It seems the 34th meeting of the US President's Committee on Bioethics was dominated last week by discussions over a debate raging on both sides of the border: the right of doctors to refuse to provide treatments that go against their personal religious beliefs.
Debate ranged from those saying doctors must exercise judgment all the time on what treatment is best, using all factors in their decision -- including their personal beliefs -- to those arguing that doctors who can't perform certain procedures should perhaps stay out of medicine.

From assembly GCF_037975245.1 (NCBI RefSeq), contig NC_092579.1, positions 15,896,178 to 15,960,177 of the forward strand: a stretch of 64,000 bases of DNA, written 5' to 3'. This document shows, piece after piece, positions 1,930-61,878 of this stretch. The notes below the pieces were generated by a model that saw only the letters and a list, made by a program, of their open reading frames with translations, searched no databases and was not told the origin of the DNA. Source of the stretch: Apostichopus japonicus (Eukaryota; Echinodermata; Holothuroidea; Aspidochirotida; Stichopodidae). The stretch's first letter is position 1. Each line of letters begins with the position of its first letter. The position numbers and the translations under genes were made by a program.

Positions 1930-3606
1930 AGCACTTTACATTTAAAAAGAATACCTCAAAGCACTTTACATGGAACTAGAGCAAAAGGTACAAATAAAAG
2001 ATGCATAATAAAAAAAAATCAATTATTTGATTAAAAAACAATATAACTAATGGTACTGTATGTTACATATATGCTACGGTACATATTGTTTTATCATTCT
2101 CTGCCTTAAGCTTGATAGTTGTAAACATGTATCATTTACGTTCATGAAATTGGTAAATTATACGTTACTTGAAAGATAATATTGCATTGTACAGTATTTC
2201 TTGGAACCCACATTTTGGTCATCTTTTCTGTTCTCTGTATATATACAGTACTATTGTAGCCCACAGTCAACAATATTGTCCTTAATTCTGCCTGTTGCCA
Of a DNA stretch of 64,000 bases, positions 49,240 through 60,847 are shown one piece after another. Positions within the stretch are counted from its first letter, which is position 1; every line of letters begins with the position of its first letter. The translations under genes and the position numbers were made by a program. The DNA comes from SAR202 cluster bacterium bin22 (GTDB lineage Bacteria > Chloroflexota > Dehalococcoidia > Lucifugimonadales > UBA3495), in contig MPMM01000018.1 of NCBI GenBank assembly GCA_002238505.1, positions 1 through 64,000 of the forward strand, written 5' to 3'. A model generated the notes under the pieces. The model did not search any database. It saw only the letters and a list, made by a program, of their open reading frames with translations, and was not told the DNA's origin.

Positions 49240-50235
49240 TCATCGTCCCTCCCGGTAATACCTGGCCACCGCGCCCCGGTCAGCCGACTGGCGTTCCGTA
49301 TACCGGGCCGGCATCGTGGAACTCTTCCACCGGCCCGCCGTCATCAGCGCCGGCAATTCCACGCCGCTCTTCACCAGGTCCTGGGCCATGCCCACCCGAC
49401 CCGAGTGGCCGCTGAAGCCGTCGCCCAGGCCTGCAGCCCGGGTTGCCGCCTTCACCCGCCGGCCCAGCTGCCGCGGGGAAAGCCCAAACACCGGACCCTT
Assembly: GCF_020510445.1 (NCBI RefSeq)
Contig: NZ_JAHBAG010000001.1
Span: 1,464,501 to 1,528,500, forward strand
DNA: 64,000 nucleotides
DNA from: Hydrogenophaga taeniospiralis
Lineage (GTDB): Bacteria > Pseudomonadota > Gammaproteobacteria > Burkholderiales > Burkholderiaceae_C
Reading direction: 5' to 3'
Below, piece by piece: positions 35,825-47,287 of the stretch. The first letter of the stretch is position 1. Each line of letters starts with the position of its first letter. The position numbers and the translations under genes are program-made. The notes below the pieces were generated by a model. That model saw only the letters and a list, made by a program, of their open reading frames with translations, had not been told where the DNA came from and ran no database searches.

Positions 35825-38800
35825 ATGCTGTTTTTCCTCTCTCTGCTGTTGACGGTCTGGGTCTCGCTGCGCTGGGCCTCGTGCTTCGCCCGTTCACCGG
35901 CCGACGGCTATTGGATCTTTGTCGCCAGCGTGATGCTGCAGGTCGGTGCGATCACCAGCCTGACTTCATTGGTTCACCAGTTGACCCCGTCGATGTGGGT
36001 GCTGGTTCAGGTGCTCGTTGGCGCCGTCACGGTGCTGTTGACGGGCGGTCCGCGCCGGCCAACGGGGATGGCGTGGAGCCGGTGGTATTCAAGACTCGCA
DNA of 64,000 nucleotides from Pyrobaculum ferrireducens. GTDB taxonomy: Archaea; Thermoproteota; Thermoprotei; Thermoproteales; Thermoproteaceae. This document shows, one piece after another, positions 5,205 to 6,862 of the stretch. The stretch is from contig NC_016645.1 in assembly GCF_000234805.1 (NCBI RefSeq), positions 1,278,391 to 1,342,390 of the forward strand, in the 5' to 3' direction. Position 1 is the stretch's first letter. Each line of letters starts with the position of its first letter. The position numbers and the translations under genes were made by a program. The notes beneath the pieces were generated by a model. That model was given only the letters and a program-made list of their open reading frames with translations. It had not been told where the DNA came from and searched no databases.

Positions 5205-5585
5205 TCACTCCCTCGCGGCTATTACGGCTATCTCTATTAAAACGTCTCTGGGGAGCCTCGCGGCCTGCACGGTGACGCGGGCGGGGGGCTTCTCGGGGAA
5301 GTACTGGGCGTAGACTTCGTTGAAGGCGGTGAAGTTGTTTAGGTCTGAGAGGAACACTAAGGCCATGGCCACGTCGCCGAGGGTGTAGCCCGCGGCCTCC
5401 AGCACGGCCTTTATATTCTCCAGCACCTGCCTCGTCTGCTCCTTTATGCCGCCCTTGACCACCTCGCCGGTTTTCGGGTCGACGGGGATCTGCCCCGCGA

Clearly, there is a wide variety of opinion on this, the Ontario College of Physicians and Surgeons will be grappling with all of them at its meeting this Thursday as it debates a draft policy on religion and doctors. The Ontario Medical Association and the Catholic Archbishop of Toronto Thomas Collins oppose any such limits on doctors.
In the US, a California court has ruled that doctors cannot refuse treatment, based on their personal religious beliefs. US President George Bush has vowed to ensure they can.